March 28th, 2006, 11:09 Posted By: wraggster
Speaking to the Seattle Times today, Nintendo president Satoru Iwata looked to rally gamers behind the company's innovation-driven stance on current and future gaming, stating that consumers are bored with ever-improving graphics in games.
“Some people say 2005 was regarded as a transitional year in the industry. I just can't agree with them,” explained Iwata, after being asked if 2005 was a failure for games firms. “I do believe we have to find new ways to entertain people. In the past, we have always tried to entertain people with more beautiful graphics and more gorgeous sound and whatnot. The industry still believes that's the only direction we can take in order to surprise people, but unfortunately people are bored already.”
Of course, Iwata's firm is living proof that consumers do indeed respond with cash when offered a new way of playing games, with the touch-screen DS enjoying rampant sales in all territories. Although the DS does not comprise cutting edge graphics and sound, the simple fact that it has two screens, one of which is touch-sensitive has delighted and inspired gamers and game creators alike.
Moving onto the competition, Iwata happily dismissed Sony's PlayStation 3 explaining that Nintendo really doesn't care about the monstrous console as it will be aimed at a different market. Of course, Iwata has made this claim since the Revolution was first mentioned, back at E3 in 2004, though it didn't carry much weight with industry watchers at the time. With the success of the DS and the increasingly intriguing controller, the plan of innovation over power seems more than feasible.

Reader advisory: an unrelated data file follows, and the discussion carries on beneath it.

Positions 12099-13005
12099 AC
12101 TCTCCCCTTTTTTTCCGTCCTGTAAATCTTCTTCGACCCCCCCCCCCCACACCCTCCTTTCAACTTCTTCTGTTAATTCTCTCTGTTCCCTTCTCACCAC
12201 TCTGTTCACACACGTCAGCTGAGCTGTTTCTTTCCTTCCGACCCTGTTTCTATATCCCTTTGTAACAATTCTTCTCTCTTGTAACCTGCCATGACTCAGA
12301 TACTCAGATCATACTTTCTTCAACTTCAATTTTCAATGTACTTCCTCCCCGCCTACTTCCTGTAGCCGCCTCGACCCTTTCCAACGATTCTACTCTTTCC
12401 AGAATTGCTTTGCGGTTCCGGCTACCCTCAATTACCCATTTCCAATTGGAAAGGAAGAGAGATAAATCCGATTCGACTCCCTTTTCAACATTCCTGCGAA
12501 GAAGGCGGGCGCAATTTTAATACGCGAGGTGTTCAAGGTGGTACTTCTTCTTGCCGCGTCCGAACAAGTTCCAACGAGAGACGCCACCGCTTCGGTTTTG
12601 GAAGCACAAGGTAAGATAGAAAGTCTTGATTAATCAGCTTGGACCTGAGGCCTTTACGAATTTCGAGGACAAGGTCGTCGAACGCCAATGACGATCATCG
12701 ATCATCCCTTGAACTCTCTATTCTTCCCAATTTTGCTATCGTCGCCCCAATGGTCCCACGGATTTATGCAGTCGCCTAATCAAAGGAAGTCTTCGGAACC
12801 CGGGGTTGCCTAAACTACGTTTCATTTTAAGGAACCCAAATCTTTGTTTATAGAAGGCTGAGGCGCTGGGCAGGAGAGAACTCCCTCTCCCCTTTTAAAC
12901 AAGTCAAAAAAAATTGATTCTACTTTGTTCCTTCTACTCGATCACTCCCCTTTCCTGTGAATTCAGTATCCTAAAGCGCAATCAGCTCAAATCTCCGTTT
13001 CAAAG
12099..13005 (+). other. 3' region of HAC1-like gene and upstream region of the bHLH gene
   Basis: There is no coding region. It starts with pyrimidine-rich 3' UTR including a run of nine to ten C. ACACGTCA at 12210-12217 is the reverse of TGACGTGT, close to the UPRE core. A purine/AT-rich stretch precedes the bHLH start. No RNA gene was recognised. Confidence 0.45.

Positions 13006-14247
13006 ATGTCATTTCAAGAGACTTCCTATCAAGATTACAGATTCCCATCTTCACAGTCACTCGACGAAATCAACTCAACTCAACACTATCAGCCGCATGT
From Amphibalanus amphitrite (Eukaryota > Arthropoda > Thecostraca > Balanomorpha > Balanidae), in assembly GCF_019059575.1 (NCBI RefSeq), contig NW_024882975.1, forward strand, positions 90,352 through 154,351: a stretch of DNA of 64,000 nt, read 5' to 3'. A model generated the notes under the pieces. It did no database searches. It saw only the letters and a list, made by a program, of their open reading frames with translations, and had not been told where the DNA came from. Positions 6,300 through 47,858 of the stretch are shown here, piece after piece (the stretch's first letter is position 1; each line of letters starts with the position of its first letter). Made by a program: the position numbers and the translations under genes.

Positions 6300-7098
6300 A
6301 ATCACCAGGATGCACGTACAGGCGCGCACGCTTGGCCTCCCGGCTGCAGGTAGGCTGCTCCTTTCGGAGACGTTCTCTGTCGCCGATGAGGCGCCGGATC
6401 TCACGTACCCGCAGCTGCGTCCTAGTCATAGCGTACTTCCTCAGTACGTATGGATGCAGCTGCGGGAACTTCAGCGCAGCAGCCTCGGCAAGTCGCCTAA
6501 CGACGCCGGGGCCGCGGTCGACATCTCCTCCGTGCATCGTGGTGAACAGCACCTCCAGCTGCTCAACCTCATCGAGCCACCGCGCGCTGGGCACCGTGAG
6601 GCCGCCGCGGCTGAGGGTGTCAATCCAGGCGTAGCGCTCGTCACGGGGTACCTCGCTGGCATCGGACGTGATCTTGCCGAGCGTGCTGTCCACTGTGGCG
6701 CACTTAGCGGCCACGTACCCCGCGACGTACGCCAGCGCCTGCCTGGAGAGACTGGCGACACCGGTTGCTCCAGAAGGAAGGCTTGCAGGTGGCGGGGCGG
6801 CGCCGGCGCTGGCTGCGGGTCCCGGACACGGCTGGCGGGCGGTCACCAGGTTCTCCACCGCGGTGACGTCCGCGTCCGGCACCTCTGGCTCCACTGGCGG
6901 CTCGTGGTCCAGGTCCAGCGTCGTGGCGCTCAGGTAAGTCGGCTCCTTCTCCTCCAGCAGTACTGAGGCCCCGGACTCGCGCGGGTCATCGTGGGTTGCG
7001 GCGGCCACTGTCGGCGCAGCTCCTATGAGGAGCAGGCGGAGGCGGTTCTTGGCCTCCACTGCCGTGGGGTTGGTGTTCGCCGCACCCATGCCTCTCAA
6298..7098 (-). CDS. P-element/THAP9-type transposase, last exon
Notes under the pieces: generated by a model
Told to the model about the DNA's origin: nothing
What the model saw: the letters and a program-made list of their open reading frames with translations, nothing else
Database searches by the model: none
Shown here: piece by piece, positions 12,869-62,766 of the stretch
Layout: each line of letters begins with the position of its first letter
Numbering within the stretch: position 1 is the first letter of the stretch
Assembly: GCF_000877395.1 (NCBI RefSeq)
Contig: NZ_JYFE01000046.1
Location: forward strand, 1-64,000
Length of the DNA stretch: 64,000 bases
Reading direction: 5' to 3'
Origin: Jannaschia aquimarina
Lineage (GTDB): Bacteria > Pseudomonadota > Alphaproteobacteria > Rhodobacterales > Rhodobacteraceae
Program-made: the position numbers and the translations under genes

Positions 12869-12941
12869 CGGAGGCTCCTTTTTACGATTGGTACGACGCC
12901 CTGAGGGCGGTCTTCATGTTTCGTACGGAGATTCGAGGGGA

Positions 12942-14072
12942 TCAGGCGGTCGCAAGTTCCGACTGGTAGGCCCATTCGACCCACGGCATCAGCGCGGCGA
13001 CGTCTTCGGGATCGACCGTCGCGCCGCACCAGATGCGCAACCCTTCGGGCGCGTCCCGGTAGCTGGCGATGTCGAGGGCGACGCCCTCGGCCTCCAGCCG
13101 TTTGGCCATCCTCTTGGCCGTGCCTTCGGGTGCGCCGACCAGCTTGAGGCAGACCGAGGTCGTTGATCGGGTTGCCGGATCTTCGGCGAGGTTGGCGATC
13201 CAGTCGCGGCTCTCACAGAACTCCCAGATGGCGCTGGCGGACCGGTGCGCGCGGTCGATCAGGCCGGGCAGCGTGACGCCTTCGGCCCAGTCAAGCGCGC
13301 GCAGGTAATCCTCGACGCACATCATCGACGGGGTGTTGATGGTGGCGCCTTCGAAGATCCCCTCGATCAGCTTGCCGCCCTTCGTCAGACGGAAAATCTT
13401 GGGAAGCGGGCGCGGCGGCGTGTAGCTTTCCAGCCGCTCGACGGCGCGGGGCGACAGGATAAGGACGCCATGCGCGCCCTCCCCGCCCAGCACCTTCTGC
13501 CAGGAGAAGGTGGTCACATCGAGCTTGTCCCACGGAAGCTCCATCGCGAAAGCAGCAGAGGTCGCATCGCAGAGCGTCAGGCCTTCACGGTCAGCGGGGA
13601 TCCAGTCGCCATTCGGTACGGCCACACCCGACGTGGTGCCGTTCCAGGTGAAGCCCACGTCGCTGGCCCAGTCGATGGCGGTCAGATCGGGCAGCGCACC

“Because what we are aiming at with the Revolution is much different from what Sony's aiming at with the PlayStation 3, I really don't think any changes in their schedule will affect Nintendo greatly. We have never thought in terms of when they will make the PlayStation 3 available, but rather our hope is launching Revolution in 2006. In that sense, we really don't care what Sony is talking about with a launch delay. When we launched the GameCube, my personal opinion is that we were unable to differentiate the GameCube from the PlayStation 2 enough. When it comes to the Revolution and the PlayStation 3, because those machines are going to be so different, I don't think consumers will wonder which one they should choose. With the Xbox 360 and PS3, I think there is a lot of similarity, so the delay of one product may affect the other party's decision and strategy. But that's not the case with the Revolution. Of course we want people to own the Revolution first. We want people to understand Revolution is the must-have for them.”
So can the Revolution compete?
“In a broader sense, yes. After all, people may have some limited amount of money they can spend for entertainment. We may be competing with any other entertainment company. But in a narrower sense, no. With the information I have about Sony's keynote speech yesterday, my understanding is that Sony was trying to say it is going to do whatever Xbox Live can do, and that it can do much better than the Xbox 360. Nintendo is trying to create some completely different value attached to our products.”
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